Discrimination and equality

The Non-Discrimination Ombudsman promotes equality and prevents and tackles discrimination. 

Tackling discrimination

The Ombudsman has many different ways to promote equality and tackle discrimination. In practice the work involves counselling, investigating individual cases, promoting conciliation between the parties, providing training, gathering information, as well as influencing legislation and the practices of the authorities.


Discrimination is treating one person less favourably than others on the basis of a personal characteristic. All human beings are entitled to equal treatment, and discrimination is prohibited by many of our national laws, the Non-discrimination Act, the Criminal Code, as well as international human rights conventions.

Grounds for discrimination

Age, origin, nationality, language, religion, belief, opinion, political activity, trade union activity, family relationships, state of health, disability, sexual orientation and other personal characteristics are grounds for discrimination prohibited by the Non-discrimination Act.


In a just and fair society, person-related factors such as disability, sexual orientation or skin colour, should not impact a person’s access to education or services, or their job prospects. Fundamental rights belong to everyone.

Promotion of equality

The purpose of promoting equality is to prevent discrimination, ensure the de facto equality of all people and remove inequality due to discrimination in the society. The authorities, private parties with public administration duties, education providers and employers are obliged to promote equality in their activities.

Equality planning

Public authorities, private actors performing public administrative functions, education providers and employers must assess and promote equality in their activities and prepare equality promotion plans to promote equality.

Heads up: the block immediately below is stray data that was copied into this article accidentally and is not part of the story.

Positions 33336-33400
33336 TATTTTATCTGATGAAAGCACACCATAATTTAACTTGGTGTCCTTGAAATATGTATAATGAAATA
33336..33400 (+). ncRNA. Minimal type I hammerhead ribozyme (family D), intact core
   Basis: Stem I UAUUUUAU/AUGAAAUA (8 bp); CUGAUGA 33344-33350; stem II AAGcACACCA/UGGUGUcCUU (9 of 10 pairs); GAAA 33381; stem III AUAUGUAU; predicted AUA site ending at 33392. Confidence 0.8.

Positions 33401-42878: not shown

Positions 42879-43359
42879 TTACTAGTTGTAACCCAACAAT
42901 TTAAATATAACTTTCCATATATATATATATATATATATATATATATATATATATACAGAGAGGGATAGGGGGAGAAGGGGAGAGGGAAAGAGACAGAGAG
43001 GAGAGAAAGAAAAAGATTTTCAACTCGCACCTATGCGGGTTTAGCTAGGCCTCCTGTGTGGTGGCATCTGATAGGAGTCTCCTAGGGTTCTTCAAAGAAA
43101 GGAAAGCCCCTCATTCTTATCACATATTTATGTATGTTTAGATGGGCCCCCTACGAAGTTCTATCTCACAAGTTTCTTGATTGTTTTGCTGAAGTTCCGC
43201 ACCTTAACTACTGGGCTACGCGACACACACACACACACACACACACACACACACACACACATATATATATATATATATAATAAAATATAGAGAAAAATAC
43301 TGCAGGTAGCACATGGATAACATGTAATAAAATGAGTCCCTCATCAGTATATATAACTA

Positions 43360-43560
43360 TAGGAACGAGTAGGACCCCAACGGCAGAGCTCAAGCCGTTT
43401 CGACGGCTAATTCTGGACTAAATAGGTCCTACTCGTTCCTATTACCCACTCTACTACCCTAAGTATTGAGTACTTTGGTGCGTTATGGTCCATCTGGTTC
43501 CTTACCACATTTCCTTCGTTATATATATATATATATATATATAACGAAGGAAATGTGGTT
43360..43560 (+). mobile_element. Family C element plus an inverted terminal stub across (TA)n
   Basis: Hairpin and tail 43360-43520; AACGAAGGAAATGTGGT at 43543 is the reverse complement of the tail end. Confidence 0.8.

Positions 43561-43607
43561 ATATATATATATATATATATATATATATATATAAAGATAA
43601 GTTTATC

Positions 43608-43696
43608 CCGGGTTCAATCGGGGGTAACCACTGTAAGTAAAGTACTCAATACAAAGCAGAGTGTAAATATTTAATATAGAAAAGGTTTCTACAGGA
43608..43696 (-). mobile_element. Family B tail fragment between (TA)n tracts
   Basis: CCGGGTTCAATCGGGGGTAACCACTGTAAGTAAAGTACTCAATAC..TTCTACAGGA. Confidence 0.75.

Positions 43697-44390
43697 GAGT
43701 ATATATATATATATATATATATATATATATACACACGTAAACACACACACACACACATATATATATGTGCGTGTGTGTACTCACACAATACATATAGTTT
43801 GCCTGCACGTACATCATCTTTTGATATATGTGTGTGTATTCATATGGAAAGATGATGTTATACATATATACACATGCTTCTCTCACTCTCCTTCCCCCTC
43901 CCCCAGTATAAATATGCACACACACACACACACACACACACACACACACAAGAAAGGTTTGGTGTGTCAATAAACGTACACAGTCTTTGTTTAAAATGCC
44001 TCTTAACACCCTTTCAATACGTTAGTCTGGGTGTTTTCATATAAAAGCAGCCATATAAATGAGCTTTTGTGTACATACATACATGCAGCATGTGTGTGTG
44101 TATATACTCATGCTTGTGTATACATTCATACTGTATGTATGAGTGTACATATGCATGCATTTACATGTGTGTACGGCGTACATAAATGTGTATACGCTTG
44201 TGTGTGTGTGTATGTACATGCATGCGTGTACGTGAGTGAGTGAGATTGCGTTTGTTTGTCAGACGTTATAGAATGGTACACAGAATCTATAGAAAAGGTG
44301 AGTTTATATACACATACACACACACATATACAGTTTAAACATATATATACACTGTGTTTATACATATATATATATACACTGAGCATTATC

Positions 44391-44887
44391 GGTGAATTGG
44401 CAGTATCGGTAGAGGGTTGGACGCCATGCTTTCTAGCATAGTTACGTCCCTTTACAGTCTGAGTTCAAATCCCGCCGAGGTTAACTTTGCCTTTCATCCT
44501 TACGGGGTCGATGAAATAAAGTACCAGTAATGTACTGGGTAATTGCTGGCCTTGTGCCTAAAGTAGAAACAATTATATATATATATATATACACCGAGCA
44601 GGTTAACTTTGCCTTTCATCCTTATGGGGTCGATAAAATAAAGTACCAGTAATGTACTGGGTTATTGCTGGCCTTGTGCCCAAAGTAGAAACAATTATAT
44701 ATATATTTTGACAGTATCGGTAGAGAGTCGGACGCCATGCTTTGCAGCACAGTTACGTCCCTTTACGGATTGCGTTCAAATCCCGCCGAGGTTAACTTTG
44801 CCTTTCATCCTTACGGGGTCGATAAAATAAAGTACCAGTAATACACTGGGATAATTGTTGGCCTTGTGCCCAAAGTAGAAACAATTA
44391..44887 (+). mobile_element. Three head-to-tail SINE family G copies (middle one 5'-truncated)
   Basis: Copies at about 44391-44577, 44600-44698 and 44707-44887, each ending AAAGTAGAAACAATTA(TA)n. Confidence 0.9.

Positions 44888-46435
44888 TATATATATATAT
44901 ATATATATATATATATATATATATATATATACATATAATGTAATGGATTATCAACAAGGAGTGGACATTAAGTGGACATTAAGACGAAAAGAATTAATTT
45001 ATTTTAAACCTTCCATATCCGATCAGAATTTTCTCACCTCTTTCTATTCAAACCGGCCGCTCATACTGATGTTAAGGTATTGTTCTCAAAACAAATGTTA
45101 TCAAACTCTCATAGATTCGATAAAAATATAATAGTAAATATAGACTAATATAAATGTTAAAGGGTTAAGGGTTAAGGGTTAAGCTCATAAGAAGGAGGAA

Anyone can be discriminated against. Discrimination takes place in different areas of life and in many ways. Discrimination can take place for example in private services, health care, school, renting an apartment or in employment.

Related content

null Harassment of authorities as a silencing mechanism

Harassment of authorities as a silencing mechanism

The Non-Discrimination Ombudsman released today a report on discrimination experienced by people of African descent. The online questionnaire produced for the report was targeted by crowdsourced harassment and instructions on how to sabotage from an online forum. When the link to the online questionnaire was opened, a systematic campaign to spread information about the link was soon launched, with attached suggestions on how to answer the survey. The aim of these instructions was to invalidate the results of the survey once it was complete.  There were instructions on how to give fake answers to questions so that the reliability of the survey could be challenged later. Many of the answers given to the online survey contained racist language that had no connection with the respondent describing discrimination experiences. Responses to the survey also contained coded language and memes used by the far right, or the response was formulated as a racist stereotype.